ST. LOUIS -- On a day when the Cardinals learned that they'd be without starting third baseman Jedd Gyorko for at least the next few weeks, Greg Garcia showcased his ability to step in as a suitable replacement.That's not to say the Cardinals will recoup all that they are losing,
ST. LOUIS -- On a day when the Cardinals learned that they'd be without starting third baseman Jedd Gyorko for at least the next few weeks, Greg Garcia showcased his ability to step in as a suitable replacement.
That's not to say the Cardinals will recoup all that they are losing, which is a player with middle-of-the-order pop who emerged as one of the steadiest defenders at the position. But Garcia, as was displayed in Sunday's 3-2 loss to the Rays at Busch Stadium, has the ability to work his way on base, which could help spark an offense that has stalled.
"Whenever my name is called upon, I've always said I'll be ready to try my best for the team," Garcia said after his three-hit afternoon. "Obviously, it's going to be tough to do it without Jedd, but we know he's going to get back to us. For me, I know I'm not going to hit the ball out of the ballpark, so I have to try and get on base for the guys who can on our team."
After emerging from a mentally draining June funk in which he went 6-for-45, Garcia has settled back into his part-time role. He's reached base safely 21 times in his last 16 games, and, among all players with a minimum of 50 at-bats, Garcia boasts the sixth-best on-base percentage (.441) since the All-Star break. His .451 OBP and .333 batting average (14-for-42) in August rank second- and third-highest, respectively, on the team.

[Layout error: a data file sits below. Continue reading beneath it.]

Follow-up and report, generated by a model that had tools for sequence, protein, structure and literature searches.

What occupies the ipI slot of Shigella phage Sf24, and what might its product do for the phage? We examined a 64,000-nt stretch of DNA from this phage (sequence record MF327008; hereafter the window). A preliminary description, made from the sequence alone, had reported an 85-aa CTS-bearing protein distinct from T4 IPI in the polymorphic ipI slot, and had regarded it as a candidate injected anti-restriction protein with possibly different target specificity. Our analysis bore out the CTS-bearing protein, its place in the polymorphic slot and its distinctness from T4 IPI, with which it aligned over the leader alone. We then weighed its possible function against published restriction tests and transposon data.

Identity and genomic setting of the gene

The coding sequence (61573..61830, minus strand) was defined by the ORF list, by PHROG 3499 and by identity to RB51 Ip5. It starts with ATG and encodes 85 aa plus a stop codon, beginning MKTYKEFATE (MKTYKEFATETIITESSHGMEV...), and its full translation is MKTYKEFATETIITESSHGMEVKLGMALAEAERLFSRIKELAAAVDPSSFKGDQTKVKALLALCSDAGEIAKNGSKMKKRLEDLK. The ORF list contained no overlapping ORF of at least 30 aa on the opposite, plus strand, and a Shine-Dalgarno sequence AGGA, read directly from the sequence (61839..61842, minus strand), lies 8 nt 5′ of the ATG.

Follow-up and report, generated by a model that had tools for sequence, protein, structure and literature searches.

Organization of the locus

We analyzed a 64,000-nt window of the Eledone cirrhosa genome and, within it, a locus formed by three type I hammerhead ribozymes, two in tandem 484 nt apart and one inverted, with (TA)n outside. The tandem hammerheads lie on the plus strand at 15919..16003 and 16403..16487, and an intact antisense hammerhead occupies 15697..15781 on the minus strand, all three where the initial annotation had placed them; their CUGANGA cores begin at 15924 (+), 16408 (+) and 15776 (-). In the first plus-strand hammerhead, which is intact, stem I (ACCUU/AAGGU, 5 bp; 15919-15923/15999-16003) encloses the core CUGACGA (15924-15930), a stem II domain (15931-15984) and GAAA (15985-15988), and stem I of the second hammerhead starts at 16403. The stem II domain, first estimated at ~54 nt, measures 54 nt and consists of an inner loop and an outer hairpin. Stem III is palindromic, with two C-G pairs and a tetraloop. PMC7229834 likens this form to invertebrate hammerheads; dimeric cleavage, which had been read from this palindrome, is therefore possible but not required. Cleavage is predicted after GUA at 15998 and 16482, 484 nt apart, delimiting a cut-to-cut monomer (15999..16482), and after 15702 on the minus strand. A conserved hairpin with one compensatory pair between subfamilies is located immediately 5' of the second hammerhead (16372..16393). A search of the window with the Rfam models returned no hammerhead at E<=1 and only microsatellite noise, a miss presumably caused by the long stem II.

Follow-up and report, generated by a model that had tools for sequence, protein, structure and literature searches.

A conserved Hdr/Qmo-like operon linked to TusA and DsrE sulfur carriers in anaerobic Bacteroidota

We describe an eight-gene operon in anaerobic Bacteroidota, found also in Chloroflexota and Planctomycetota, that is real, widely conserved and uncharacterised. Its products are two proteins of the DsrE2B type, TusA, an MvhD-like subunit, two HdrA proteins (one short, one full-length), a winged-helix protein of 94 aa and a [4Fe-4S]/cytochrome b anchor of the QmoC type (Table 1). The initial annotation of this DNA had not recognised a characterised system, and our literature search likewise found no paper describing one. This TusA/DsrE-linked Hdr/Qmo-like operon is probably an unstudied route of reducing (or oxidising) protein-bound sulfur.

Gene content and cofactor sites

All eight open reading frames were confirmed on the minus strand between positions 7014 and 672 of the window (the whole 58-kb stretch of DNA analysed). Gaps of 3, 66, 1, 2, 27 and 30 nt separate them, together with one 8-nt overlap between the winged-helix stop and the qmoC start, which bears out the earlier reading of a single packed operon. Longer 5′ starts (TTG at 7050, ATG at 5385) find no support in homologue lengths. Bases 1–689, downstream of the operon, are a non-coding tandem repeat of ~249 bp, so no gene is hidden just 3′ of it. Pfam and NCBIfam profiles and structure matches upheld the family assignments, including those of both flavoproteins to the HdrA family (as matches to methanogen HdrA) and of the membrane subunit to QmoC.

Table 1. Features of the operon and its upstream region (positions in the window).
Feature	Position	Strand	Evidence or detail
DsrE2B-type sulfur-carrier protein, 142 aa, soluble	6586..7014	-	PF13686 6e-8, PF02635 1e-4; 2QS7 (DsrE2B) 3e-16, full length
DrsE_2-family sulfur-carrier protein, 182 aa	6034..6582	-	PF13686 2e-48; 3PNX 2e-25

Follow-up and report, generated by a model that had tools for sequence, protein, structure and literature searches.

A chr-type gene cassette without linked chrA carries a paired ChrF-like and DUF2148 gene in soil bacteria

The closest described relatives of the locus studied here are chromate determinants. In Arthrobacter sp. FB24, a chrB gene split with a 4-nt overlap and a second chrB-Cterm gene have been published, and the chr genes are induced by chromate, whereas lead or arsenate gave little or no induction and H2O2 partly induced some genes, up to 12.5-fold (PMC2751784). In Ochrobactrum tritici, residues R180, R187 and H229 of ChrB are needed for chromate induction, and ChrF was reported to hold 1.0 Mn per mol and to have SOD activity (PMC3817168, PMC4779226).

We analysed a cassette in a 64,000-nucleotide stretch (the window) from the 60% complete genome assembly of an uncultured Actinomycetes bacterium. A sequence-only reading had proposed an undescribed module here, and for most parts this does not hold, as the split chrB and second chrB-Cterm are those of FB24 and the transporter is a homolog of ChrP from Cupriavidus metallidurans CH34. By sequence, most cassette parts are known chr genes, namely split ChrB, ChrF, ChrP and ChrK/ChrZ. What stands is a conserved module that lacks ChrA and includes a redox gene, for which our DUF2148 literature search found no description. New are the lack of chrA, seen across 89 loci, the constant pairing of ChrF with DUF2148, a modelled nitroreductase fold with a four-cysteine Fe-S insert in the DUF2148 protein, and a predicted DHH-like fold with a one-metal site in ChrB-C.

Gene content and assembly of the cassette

Garcia has provided that production, too, despite sporadic starts. Sunday's was Garcia's 11th this month.
"He's just a guy who fits that role very well, and now we're going to have to change [it] a little bit," manager Mike Matheny said. "I think we have some options, which is nice when you lose a player like Jedd for a considerable amount of time. He's going to get more opportunity."
How much more depends on the way in which the Cardinals split playing time between Garcia and first baseman Luke Voit. Voit offers the potential for power. Garcia provides the steady glove and pesky approach. Matt Carpenter will shift back-and-forth between the two corner infield spots depending upon on whether it's Voit or Garcia (or someone else) who gets the starting nod.
With an expectation of increased playing time coming, Garcia said he will rein in his pregame work and focus his defensive preparation more heavily on third base. It's a position where he's made 21 of his 42 starts this season.
"When I'm not playing, usually during BP I'll take groundballs everywhere and try to tire myself out because I want to stay in baseball shape," Garcia said. "But if I'm playing every day, it's just not smart to do that. You want to keep your legs fresh every day to play nine innings.
"I want to go out there every day and try to get on base every time I'm at the plate any way I can -- bunt, base hit, walk, hit by pitch, whatever. I'm excited for the opportunity."
Jenifer Langosch has covered the Cardinals for MLB.com since 2012, and previously covered the Pirates from 2007-11. Follow her on Twitter and Facebook.